It’s Q&A Day in the Drunken UX studio, and this week we’re taking a trip over to r/WebDev to see what people are needing help with. We picked a few of our favorite questions to answer issues ranging from work responsibilities, to two-way binding, CSS background techniques, and more.
- “How common is it for developers to have multiple roles with different companies?”
- “What would be the best way to create a webpage like this (HTML/CSS), where there is a shape in the background?”
- “How to refresh text on a single page for a game script?”
- “Finding files that aren’t referenced anymore”
- “For a local service business, WordPress or my basic dev (HTML/CSS/JS) skills?”
The following is a machine-generated transcript of this episode. It will contain errors until it has been reviewed and edited, and we apologize for the difficulty that may cause for screen readers. Do you want to help us speed up our transcribing process? Consider sponsoring an episode.
Hello, everybody. And welcome to the middle of March 2000 and 21. This is episode number 84 of the Drunken UX Podcast, and we’re gonna be answering Web development questions from the Web. Dev Subreddit. Ladies and gentlemen, I am your host, Michael Fienen.
I’m your other other host. Aaron, How’re you doing, Michael? And on this doing about March
spring has sprung. Spring spring has sprang. We had
We had 70 degree weather the other day and I almost cried. It was so nice.
It will do that to you. You feel that seasonal effective disorder kind of wash away for a minute and yeah, uh, folks, if you’re enjoying the drunken ex podcast, we should run by our sponsors over at New Cloud. You can check them out. New cloud dot com slash drunken ux. That’s in you cloud dot com slash drunken ux use. Use a little slash drunken ux on there, so they know we sent you.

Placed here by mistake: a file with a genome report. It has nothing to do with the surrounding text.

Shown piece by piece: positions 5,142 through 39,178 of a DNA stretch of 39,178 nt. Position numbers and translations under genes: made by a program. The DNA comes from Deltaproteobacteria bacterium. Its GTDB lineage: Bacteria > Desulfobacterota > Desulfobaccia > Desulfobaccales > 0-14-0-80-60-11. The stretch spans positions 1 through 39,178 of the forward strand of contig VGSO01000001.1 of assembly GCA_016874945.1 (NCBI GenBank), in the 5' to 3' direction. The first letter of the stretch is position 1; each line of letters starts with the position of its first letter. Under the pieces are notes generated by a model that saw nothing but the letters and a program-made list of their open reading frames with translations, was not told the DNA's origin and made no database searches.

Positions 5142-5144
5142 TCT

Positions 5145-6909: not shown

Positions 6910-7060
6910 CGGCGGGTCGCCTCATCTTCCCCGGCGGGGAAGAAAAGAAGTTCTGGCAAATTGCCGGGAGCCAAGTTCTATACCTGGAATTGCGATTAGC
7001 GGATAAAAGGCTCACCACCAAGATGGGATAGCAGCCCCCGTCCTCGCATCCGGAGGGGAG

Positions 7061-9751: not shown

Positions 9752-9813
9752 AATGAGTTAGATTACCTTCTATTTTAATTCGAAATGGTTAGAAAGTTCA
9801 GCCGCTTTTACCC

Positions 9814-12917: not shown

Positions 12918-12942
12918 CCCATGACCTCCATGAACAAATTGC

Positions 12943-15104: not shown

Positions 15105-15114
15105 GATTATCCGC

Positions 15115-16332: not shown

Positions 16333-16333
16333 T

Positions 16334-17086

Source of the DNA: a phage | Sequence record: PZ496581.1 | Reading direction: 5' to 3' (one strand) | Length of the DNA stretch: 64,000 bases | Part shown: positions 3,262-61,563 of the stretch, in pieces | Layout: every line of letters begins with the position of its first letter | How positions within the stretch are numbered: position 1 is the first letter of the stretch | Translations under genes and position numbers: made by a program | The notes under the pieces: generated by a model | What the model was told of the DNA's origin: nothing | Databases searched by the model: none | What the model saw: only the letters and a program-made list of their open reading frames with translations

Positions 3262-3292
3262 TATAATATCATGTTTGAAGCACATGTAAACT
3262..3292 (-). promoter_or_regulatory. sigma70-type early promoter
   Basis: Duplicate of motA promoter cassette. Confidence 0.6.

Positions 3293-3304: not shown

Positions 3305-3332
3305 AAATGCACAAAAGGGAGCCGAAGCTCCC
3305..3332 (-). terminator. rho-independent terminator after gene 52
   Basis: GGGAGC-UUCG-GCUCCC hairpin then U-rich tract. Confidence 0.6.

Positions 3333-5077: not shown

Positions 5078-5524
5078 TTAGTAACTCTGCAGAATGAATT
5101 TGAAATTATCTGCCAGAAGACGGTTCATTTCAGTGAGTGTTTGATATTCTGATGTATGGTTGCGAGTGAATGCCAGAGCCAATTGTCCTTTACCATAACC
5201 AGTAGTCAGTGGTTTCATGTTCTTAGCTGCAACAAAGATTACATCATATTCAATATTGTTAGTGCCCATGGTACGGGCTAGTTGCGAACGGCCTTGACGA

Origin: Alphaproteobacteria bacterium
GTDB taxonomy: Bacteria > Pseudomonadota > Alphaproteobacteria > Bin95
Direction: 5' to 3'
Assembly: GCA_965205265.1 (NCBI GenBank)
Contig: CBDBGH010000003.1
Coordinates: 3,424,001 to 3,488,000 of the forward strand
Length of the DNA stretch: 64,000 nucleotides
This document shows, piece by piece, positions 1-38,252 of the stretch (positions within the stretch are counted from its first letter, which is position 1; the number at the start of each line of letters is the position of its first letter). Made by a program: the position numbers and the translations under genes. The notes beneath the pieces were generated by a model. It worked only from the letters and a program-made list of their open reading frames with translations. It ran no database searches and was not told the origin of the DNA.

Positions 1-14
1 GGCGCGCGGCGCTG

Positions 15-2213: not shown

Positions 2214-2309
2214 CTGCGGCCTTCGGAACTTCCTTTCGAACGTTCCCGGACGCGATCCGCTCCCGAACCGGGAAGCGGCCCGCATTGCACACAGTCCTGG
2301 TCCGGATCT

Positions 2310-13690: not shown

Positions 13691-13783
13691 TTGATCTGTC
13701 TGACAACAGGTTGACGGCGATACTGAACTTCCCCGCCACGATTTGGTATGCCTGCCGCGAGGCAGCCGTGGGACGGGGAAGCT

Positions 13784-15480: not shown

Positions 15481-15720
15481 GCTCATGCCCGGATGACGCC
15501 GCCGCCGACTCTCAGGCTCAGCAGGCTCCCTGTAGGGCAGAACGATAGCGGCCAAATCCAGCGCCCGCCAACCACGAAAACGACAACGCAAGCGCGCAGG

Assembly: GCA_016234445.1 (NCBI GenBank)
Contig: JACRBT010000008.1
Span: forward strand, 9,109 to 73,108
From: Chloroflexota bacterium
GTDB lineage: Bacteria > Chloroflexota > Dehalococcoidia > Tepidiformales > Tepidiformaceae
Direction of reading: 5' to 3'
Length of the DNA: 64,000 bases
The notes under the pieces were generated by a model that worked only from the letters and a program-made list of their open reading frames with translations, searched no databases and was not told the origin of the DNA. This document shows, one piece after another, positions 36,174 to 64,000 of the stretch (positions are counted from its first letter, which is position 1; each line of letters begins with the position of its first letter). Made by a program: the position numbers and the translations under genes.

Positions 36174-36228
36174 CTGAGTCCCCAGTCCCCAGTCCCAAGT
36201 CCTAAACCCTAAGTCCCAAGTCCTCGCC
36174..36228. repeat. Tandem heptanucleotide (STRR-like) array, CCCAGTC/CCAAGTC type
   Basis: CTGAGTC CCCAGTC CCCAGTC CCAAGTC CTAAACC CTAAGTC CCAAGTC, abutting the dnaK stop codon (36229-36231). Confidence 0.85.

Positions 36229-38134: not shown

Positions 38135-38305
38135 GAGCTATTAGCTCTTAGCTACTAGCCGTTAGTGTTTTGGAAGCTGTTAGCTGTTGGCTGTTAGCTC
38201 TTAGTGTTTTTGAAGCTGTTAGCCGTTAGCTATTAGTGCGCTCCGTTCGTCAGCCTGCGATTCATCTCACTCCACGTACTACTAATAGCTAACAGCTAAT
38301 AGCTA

They do interactive maps and illustrations and and campus tours and and things like that. A little more three D stuff of of recent and whatnot. So go check them out. And outside of that, you can always check us out. Hit us up on Twitter or Facebook. It’s like drinking you x instagram dot com slash drunken ux podcast. Or you can come chat with us any time on discord.
If you go to drunken ux dot com slash discord, you will get dropped right into our discord channel. Let’s see, early morning on a Saturday, the drunken component of drunken you X is going to get shelled pun intended for the morning. But like coffee and water,
I love to like mine say that I’m drinking something interesting. But like I had coffee earlier, I’ve got water right now.
Gonna go a little straight edge today. That’s, uh, that’s all right. I can’t. Can’t be drunk all the time. Um, I wanna talk to you real quick, Aaron, before we jump into these questions, we’ve mentioned sort of passing Lee, um, and certainly on on twitter and stuff. But I’m in the process of ripping our website down to its studs, and I’m rebuilding the theme in its entirety.
Uh, I want to start with page speed. What do you think? The and I don’t know. You maybe have have cheated and seeing this in the show notes already, but what’s the page speed of drunken ux dot com on on desktop right now.
Um, I would think that our, like main site would probably be, like 80.
Yeah. What do you think it would score on mobile?